The Great Mortality: An Intimate History of the Black Death, the Most Devastating Plague of All Time by John Kelly (2005, Harper Collins) chronicles the devastating effects of the plague on Europe, circa 1347-1352. Kelly takes us on a journey of death as he follows the plague’s incredibly swift progress from country to country. This gripping account of the plague's progress loses some of the initial intensity in the middle of the book, but the pace picks up again once the plague is approaching England. All the reasons that the plague spread so quickly are covered. The different ways countries or cities tried to cope with the Black Death can be a contrast of opposite reactions. Kelly also discusses the emergence of the flagellants and the pogroms and killing of the Jewish population across Europe that were a result of the people trying to deal with the plague.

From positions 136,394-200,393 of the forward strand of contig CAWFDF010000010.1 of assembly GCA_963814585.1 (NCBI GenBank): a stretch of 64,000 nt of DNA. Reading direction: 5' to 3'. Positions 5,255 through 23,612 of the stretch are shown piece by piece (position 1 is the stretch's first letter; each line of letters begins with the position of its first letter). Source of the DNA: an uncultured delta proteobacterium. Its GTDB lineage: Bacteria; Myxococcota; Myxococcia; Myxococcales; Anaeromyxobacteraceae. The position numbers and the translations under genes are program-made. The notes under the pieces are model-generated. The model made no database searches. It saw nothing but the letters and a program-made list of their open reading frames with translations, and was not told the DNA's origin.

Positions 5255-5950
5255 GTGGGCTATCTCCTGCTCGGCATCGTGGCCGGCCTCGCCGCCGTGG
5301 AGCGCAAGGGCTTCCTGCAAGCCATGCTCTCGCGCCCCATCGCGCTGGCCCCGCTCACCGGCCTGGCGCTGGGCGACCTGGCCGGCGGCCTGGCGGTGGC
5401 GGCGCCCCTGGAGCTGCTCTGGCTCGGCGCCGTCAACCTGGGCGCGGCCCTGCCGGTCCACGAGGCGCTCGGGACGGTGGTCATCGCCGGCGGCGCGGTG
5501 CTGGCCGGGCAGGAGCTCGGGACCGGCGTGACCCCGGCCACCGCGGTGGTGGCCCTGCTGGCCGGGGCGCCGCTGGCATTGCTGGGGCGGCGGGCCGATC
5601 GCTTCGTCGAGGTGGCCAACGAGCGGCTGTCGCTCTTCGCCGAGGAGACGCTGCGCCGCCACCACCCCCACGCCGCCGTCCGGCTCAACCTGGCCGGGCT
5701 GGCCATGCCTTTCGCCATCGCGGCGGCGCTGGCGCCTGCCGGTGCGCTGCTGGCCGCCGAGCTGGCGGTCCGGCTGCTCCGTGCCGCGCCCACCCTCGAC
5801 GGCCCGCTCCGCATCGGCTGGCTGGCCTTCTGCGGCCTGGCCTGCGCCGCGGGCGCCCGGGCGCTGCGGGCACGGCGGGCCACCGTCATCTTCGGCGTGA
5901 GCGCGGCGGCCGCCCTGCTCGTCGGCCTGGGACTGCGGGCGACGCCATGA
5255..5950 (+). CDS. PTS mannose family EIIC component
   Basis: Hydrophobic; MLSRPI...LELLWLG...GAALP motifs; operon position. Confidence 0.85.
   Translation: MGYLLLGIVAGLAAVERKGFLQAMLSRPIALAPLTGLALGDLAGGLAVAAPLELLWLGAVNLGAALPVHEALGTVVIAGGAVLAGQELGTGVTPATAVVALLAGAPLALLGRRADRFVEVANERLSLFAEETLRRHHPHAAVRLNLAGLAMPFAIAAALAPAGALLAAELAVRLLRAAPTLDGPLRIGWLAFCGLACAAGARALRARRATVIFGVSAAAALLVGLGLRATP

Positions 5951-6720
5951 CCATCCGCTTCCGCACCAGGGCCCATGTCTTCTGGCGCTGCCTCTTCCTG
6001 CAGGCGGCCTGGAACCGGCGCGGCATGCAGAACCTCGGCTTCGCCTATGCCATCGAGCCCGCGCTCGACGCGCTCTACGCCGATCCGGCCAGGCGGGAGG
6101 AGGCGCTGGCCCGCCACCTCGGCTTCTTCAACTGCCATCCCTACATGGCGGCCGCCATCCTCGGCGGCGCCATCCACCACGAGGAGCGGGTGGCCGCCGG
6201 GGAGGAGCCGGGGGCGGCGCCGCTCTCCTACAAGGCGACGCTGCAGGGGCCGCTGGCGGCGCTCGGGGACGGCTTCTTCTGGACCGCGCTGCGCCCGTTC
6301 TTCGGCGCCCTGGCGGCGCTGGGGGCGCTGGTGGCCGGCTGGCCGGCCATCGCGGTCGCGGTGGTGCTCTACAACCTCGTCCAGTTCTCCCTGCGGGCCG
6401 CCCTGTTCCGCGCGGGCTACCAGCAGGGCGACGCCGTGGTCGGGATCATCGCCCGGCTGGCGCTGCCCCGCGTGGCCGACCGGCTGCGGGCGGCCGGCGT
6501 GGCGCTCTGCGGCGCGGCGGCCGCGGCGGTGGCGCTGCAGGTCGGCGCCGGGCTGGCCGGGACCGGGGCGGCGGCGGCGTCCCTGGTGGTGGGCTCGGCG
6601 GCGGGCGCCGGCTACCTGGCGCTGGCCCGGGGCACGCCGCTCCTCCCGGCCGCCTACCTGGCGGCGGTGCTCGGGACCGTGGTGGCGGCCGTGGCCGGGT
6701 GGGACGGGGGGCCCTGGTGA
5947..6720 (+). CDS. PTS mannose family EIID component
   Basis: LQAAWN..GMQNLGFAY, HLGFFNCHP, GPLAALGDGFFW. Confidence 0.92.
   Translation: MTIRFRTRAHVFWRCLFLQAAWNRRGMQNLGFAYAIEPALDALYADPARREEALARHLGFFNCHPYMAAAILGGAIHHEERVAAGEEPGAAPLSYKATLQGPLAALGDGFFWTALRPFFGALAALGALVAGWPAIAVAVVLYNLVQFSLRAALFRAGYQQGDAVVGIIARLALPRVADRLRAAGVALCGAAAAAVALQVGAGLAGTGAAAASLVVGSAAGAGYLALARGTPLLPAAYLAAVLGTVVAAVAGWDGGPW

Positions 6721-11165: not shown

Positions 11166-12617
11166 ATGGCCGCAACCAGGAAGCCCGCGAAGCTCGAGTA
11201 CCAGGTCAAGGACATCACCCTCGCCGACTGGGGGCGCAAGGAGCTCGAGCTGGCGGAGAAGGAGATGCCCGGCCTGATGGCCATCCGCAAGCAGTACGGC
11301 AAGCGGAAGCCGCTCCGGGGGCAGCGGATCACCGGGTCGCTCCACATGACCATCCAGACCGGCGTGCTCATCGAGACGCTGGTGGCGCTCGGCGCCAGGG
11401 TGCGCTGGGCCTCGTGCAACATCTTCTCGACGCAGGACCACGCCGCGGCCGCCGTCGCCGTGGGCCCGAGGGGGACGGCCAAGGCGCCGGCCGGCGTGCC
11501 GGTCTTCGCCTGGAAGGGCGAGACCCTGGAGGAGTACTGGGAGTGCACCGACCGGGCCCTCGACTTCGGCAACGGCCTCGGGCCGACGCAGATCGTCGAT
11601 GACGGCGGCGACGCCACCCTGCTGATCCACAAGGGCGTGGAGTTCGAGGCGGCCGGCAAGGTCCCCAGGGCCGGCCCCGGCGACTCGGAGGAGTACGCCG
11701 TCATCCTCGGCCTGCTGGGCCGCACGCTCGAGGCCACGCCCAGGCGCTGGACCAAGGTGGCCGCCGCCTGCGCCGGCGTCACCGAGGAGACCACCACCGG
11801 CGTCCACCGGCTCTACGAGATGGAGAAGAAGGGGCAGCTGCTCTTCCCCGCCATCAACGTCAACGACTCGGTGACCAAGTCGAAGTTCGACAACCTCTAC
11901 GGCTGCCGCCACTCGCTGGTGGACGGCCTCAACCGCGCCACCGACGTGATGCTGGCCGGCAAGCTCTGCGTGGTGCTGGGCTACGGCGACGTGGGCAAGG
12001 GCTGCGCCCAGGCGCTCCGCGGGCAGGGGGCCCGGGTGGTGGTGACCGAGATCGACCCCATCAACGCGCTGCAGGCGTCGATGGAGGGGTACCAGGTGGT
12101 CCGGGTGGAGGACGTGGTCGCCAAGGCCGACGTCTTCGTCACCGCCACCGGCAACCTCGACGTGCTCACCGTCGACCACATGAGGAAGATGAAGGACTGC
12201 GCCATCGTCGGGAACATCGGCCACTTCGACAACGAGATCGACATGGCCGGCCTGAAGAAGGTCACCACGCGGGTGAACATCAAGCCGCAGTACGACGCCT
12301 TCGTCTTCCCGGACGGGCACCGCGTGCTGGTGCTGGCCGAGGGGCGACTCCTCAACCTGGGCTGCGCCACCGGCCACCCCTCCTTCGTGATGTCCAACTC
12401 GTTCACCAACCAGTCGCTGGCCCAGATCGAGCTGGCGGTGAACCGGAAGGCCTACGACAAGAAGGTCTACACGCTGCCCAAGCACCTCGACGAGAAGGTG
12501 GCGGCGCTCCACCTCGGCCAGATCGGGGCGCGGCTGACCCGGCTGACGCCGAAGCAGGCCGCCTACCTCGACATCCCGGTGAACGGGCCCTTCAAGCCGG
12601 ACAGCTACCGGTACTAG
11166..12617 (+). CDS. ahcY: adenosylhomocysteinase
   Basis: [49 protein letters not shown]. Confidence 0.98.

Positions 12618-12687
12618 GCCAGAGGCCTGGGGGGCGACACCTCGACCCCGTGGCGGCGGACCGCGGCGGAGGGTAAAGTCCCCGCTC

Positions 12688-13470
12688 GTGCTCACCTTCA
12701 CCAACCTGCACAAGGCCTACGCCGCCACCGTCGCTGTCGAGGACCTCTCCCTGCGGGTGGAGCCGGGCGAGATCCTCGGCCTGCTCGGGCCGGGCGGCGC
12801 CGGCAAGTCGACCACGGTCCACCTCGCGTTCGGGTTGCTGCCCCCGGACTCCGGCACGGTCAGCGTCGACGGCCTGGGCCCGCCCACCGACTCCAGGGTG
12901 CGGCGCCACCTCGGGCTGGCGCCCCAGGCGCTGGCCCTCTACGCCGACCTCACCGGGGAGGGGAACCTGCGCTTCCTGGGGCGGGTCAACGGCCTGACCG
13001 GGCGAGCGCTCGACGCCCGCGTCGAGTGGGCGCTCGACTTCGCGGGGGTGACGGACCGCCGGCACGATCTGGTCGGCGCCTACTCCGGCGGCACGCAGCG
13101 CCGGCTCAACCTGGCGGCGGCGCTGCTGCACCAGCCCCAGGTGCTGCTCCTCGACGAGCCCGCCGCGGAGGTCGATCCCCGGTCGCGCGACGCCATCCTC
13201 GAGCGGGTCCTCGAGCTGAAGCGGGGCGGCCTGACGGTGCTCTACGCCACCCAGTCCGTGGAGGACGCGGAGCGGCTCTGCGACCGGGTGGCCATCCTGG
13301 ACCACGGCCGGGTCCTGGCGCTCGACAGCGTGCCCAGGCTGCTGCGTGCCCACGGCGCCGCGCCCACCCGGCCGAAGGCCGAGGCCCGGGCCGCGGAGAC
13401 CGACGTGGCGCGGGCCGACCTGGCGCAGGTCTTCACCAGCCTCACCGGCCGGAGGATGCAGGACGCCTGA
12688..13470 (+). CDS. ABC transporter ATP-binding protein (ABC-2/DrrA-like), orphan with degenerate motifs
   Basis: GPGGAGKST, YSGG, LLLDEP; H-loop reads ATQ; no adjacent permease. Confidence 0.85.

Of personal hygiene at the time: "When the assassinated Thomas `a Becket was stripped naked, an English chronicler reports that vermin 'boiled over like water in a simmering cauldron' from his body."
"A nighttime walk across Medieval London would probably take only twenty minutes or so, but traversing the daytime city was a different matter.... Imagine a shopping mall where everyone shouts, no one washes, front teeth are uncommon and the shopping music is provided by the slaughterhouse up the road."
"Neither was the standing of the church helped by a penchant for blaming the victim, a habit particularly pronounced among the English clergy."
"The long century of death that followed the medieval plague also had a profound effect on religious sentiment. People began to long for a more intense, personal relationship with God... In an age of 'arbitrary, inexplicable tragedy' many people sought to create their own private pipeline to God."
" [N]o other epoch has also done so little to soften the image of death. Late medieval man not only expected to die, he expected to die hard and ugly."